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By now, most of us have seen the awful images of flooded mid-Michigan communities and thousands of evacuees who must simultaneously contend with the potential loss of their homes while trying to stay safe from the COVID-19 pandemic.

Preliminary reports indicate that two dams, the Sanford and Edenville in Gladwin and Midland counties, succumbed to rising water levels triggered by massive rain storms earlier this week. The Federal Energy Regulatory Commission (FERC) licensed and regulated these hydroelectric dams and, according to recent news reports, began citing the dams back in 1999 for having designs that were inadequate to contend with a major rain event.  

How is it possible that dams capable of flooding and endangering tens of thousands of local residents could be allowed to operate for 20 years after the federal government stated that they were inadequately designed? How could the federal or state government have allowed the transfer of the license for the dams to a new owner in 2004 — five years after concerns about the dams’ safety had been identified — without first requiring that improvements to the dam be made? Thankfully, there have been no reported injuries or deaths connected with this incident, but thousands of mid-Michigan residents and property owners must be asking how this could have happened when the government and the dam owner had so much time to address design problems that may have caused this catastrophe?

There’s a lot to unpack in this incident, but it’s clear that better oversight by federal and state authorities — most importantly, Congress and the Michigan Legislature — could have prevented this catastrophe.

According to the Michigan Department of Environment, Great Lakes and Energy, Michigan has around 2,600 dams, 99 of which are hydroelectric, like the Sanford and Edenville dams, and are therefore regulated and licensed by FERC. Still, the state government and local authorities retained some jurisdiction to regulate these hydroelectric dams, especially after the Edenville dam’s federal license was finally revoked in 2018. For example, state authorities objected to the plans of the Edenville dam’s owners to lower lake levels during the winter.

Over the last several years, the state and industry groups have issued dire warnings about the condition of Michigan infrastructure, including its aging dams. About two-thirds of Michigan’s dams have reached their 50-year useful life, and 80% will reach the end of their useful lives within the next three years; that’s according to a report by the Michigan Section of the American Society of Civil Engineers from 2018. The report also found that 300 dams in Michigan have a “high” or “significant” hazard potential rating.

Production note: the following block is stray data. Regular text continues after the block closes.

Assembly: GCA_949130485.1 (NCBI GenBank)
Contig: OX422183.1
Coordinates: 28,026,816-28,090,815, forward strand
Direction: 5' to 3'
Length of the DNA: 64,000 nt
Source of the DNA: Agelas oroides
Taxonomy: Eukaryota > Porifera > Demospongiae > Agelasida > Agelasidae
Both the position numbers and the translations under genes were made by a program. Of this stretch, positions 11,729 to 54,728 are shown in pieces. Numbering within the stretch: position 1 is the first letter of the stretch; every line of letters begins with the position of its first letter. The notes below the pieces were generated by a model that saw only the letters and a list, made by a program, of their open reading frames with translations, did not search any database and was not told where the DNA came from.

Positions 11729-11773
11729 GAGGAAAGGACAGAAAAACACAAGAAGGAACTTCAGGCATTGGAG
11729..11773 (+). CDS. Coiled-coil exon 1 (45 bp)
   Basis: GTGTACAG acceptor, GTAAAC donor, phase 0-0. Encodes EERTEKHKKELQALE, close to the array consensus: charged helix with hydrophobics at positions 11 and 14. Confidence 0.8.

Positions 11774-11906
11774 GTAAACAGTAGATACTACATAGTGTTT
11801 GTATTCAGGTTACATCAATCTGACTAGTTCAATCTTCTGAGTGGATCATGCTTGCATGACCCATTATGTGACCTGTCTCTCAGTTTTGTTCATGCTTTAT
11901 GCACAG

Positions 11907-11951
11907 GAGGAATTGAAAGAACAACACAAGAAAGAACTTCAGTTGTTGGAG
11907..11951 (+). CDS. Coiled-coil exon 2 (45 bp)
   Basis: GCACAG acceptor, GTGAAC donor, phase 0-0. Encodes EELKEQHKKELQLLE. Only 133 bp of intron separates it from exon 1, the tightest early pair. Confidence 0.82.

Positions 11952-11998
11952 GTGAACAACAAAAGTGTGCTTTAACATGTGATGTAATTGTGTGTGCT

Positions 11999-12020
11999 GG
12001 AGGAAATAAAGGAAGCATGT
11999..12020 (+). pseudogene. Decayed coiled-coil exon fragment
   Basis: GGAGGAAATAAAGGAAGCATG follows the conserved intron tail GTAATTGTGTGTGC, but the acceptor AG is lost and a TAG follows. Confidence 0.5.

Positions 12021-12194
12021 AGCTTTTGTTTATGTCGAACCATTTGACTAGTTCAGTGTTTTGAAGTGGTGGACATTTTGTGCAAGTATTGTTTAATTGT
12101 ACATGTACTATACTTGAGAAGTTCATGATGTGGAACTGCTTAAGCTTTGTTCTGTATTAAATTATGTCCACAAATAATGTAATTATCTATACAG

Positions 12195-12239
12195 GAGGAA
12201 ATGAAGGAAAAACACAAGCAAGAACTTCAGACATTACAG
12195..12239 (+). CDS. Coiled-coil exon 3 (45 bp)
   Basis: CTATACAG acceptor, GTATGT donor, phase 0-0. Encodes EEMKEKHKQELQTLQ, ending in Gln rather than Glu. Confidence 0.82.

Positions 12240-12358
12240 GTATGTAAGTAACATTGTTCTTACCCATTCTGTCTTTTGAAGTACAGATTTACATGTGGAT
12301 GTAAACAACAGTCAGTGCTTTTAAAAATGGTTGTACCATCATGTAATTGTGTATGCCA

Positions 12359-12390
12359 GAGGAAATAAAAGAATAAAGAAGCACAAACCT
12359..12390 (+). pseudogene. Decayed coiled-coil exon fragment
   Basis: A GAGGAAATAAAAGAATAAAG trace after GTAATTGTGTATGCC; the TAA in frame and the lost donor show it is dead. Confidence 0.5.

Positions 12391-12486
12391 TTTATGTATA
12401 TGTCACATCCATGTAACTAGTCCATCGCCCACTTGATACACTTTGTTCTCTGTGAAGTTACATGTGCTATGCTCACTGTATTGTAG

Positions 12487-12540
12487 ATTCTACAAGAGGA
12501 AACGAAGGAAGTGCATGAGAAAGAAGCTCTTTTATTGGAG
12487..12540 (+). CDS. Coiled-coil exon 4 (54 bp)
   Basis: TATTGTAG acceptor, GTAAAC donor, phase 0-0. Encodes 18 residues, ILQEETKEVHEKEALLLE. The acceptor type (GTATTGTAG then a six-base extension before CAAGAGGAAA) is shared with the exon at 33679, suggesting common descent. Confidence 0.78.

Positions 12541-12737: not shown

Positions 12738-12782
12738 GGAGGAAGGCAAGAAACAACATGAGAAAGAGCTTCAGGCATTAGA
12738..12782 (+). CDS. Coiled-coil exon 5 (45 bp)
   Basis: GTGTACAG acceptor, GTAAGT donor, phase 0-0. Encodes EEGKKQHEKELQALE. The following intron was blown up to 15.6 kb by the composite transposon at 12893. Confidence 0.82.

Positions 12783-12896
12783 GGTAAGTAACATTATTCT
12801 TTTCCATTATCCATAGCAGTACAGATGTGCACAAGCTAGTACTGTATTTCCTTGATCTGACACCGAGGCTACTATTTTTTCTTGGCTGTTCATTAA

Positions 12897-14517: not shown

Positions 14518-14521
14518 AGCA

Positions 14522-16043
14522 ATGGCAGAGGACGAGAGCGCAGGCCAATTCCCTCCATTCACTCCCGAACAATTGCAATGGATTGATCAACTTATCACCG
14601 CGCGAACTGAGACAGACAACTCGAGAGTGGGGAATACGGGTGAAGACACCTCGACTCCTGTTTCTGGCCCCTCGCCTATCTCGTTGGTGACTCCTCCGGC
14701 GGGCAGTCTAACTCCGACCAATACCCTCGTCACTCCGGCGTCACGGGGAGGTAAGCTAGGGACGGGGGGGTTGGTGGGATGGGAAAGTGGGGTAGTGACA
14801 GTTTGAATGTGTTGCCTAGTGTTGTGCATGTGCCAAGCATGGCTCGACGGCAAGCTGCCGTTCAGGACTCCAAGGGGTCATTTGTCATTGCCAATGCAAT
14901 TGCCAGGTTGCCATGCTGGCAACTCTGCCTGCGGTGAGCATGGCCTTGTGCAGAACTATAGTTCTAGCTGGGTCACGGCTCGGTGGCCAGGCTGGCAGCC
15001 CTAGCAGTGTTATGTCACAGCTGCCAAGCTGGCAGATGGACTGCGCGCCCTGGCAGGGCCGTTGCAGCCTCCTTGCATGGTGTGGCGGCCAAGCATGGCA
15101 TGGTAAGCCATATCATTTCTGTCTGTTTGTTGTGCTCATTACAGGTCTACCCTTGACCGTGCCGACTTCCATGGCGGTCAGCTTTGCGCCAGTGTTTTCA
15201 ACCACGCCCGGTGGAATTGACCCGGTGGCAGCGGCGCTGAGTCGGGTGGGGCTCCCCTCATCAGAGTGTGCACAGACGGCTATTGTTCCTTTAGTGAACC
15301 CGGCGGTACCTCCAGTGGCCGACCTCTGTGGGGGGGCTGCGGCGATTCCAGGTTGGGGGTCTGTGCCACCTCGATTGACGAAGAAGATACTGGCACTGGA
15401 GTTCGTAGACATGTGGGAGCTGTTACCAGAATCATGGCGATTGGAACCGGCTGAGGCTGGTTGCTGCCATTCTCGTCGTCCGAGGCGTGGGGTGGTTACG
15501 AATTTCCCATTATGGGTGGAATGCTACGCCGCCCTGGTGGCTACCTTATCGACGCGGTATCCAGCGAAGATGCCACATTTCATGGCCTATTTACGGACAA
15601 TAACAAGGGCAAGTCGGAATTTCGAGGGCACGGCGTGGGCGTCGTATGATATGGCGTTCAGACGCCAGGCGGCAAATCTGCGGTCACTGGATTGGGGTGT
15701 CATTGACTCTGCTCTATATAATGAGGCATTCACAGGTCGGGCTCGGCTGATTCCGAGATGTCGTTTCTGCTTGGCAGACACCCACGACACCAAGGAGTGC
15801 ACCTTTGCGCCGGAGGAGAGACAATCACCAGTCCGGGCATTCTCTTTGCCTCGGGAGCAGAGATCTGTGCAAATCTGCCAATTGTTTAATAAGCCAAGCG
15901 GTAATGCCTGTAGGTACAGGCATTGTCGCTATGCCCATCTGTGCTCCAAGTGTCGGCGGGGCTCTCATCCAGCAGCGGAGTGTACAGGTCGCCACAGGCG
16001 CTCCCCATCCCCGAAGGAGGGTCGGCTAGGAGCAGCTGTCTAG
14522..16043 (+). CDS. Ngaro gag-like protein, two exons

In 2016, in the aftermath of the Flint water crisis, the Snyder administration convened a special panel to review the state’s infrastructure needs. The panel’s 21st Century Infrastructure Commission Report, found that dams don’t get the attention they deserve and called on the state to take a series of steps to address this situation, including:

► Maintaining publicly accessible geospatial data about the number, condition, risk and ownership of public and private, regulated and nonregulated dams;

► Developing publicly available decision support tools and training programs to assess risk, reinvestment and removal options for dams and low-head barriers;  

► Supporting removal and maintenance of dams depending on the individual risks and benefits of each dam with an investment of $227 million of state funding over 20 years.

Michigan residents, especially the thousands of people who have had to evacuate their homes this week, have a right to expect that the federal and state government take seriously these warnings and recommendations for action to avert disaster.

The dam breaks reveal weaknesses in our federal and state regulatory structure and demand bipartisan, in-depth fact finding about how we fell victim to these calamities and what we need to do to prevent them. Most clearly, they are a call on our democratically elected representatives to come together across party lines to recommit to the work of legislative oversight, to pursue the facts wherever they lead, and to give the people of Michigan the kind of government they deserve — one that, at a minimum, keeps them safe.   

Jim Townsend is director of the Levin Center at Wayne State University Law School and a former member of the Michigan House of Representatives where he served as minority vice chair of the House Oversight Committee.

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